• 26. respect to each alternative in the sample. Moreover, because this measure is a percentage, it is comparable across alternatives and across organized actors. The Percent Opinion figure was calculated for all three organized actors with respect to the alternatives discussed in the Exposure Drafts for both incremental and substantive changes. These are the variables that will be used to test the hypotheses; they will be labeled as we have labeled the organized actors Professionals, Firms, and Regulators. Hypothesis Tests To test Hypothesis 1, we examine data that provides a contrast between codified self regulation and substantive changes to regulation. We look at this in terms of an input measure: How the professionally dominated FASB structures due process for specific issues. Specifically, we look at the number of steps in its due process are executed. Based on Hypothesis 1, we expect the number of due process steps to be different for codified self-regulation and for substantive standards. Given that substantive changes stem from legitimacy crises and the public outcry that accompanies them, we expect that the number of due process steps for substantive standards will exceed the number for codified self-regulation. To test the remaining hypotheses, we ran regression models using the percent opinion variables. To test Hypothesis 2, we examine the patterns of interdependence among the percent opinion variables of the three organized actors using linear regression. To assess the level of agreement among the organized actors in their advocacy of various policy alternatives, we once again use the percent opinion variables we created for each. We run three multiple regressions; each has the percent opinion variable of one of the organized actors as a dependent variable with the other two percent opinions as explanatory variables. We interpret Hypothesis 2 to imply that the percent opinion variable of the professionals will have significant, positive explanatory 26
  • 27. power as an independent variable for both firms and regulators. Further, since the percent opinion variables are measured in the same units, we would predict that the size of the coefficients for the professional percent opinion as an independent variable should be larger than those for firms or regulators. For the remaining hypotheses, we run regression models to predict FASB decisions about each alternative. The independent variables in this regression will be the Percent Opinion variables described above. The dependent variable was a categorical representation of the decision by the FASB for each of the alternatives in the Exposure Drafts. This variable was coded zero if the alternative was rejected in the final SFAS issued by the Board; it was coded one if the alternative was accepted. This categorical dependent variable is called Choice in the analysis; an equation of the following form was estimated using maximum likelihood logistic regression: Choicei = β 0 + β 1Professionalsi + β 2 Firmsi +β 3 Regulatorsi + ε i where i designates the alternative. This equation is estimated first for codified self regulation, n = 114; then it is estimated for substantive changes to regulation, n = 37. Hypotheses 3 and 4 are tested directly by examining the coefficients from the estimation of the model including only alternatives from the codified self-regulation sample. Support for the hypotheses is indicated if the coefficients on the variables for the percent opinion of professionals and firms are significantly greater than zero. Hypotheses 5, 6, and 7 are tested directly by examining coefficients from the estimation of the model including only alternatives from the substantive change sample. Hypotheses 5 and 6 are supported if the coefficients on the variables for the percent opinion of regulators and professionals are significantly greater than 27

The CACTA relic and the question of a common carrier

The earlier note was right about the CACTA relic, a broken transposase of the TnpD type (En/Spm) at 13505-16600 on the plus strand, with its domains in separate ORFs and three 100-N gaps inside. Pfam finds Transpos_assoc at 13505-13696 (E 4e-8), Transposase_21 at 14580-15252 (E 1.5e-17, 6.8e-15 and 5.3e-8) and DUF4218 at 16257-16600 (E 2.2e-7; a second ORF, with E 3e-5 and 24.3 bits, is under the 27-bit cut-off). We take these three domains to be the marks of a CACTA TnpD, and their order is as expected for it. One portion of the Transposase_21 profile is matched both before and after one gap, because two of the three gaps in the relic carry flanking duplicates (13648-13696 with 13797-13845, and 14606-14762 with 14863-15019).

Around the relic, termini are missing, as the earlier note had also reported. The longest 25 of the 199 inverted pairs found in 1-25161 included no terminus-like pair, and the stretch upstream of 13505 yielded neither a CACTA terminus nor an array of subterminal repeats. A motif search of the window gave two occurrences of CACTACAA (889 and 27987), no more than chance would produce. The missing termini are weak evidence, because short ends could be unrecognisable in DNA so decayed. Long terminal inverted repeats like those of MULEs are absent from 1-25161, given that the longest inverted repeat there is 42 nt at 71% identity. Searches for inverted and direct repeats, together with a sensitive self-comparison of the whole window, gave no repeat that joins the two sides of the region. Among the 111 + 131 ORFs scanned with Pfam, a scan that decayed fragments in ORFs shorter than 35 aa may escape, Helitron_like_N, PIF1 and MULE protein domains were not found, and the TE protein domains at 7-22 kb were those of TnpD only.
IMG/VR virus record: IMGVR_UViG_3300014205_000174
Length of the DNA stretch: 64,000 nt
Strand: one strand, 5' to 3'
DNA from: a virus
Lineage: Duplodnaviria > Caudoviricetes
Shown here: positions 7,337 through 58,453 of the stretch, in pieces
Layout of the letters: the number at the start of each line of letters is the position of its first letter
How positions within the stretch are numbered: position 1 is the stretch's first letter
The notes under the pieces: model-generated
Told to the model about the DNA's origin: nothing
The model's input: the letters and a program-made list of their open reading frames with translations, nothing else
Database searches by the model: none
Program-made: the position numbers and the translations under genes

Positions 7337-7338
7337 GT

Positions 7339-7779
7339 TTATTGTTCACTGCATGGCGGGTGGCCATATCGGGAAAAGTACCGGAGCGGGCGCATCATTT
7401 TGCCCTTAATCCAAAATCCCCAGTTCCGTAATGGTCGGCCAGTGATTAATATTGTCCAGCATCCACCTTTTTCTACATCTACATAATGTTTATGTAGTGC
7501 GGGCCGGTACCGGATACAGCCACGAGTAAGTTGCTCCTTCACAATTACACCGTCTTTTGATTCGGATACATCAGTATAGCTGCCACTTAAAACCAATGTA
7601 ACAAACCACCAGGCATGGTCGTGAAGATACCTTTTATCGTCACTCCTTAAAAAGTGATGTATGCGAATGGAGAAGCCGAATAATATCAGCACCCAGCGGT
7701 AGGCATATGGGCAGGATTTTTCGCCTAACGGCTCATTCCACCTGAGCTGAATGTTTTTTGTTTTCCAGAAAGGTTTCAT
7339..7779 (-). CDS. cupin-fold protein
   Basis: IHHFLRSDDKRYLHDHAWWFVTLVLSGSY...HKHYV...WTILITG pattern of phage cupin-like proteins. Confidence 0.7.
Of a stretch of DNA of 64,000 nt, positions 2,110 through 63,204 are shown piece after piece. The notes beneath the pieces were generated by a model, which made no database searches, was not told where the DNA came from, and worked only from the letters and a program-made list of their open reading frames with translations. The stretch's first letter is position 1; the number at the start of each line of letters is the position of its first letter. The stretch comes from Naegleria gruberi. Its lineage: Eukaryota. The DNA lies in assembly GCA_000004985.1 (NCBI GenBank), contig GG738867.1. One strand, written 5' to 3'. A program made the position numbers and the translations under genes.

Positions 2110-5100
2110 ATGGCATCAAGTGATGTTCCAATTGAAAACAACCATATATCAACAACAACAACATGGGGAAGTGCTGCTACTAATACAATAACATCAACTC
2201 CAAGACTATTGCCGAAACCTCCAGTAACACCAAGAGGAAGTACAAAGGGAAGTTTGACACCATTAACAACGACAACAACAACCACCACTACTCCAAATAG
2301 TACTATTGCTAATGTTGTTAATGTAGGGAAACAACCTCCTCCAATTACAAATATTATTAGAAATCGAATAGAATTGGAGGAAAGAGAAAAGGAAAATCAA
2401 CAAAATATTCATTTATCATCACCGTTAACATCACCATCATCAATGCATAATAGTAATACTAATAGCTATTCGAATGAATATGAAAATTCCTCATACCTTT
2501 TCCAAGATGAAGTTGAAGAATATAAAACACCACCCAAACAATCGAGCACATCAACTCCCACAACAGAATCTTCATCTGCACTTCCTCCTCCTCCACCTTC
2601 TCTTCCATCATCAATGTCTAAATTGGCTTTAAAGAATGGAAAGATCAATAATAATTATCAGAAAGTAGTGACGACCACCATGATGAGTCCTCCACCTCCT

• 28. zero. Support for Hypothesis 7 is indicated if the coefficient on the percent opinion variable for firms is significantly less than zero. Control Variables With a random sample and treating all of the standards in our samples as equal, we have not taken account of the fact that some regulatory decisions attract much more attention than others. To control for possible effects of attention to an issue, beyond the separation of codified self-regulation and substantive changes, we introduced a variable intended to measure attention. It is a count of total letters submitted to the FASB in response to the Exposure Draft for each of the rules in our sample; it is called Letters in the analyses. Also, because we looked at FASB decisions over a period of about fourteen years, we were concerned that the process might change during this period, despite the fact that we purposely constructed a window of time to avoid major process changes. To control for possible effects of the passage of time during our study period, we introduce a control variable called Months. The variable is a count of the number of months between the release date of the Exposure Draft that corresponds to a particular alternative and the release date of the earliest Exposure Draft in our sample. RESULTS Descriptive statistics along with correlation information for all the variables are reported in Tables 3, 4, and 5. Table 3 presents the data at the analysis of the individual standards for evaluation of Hypothesis 1 concerning the structuring of attention. The range of due process steps appears similar across both types of standards, but the mean number for substantive standards is large. Turning to Tables 4 and 5, it is clear that the means of all the percent opinion variables are negative, indicating that letters on average expressed opposition to alternatives. This is consistent with actors being more likely to write to oppose an alternative than to support 28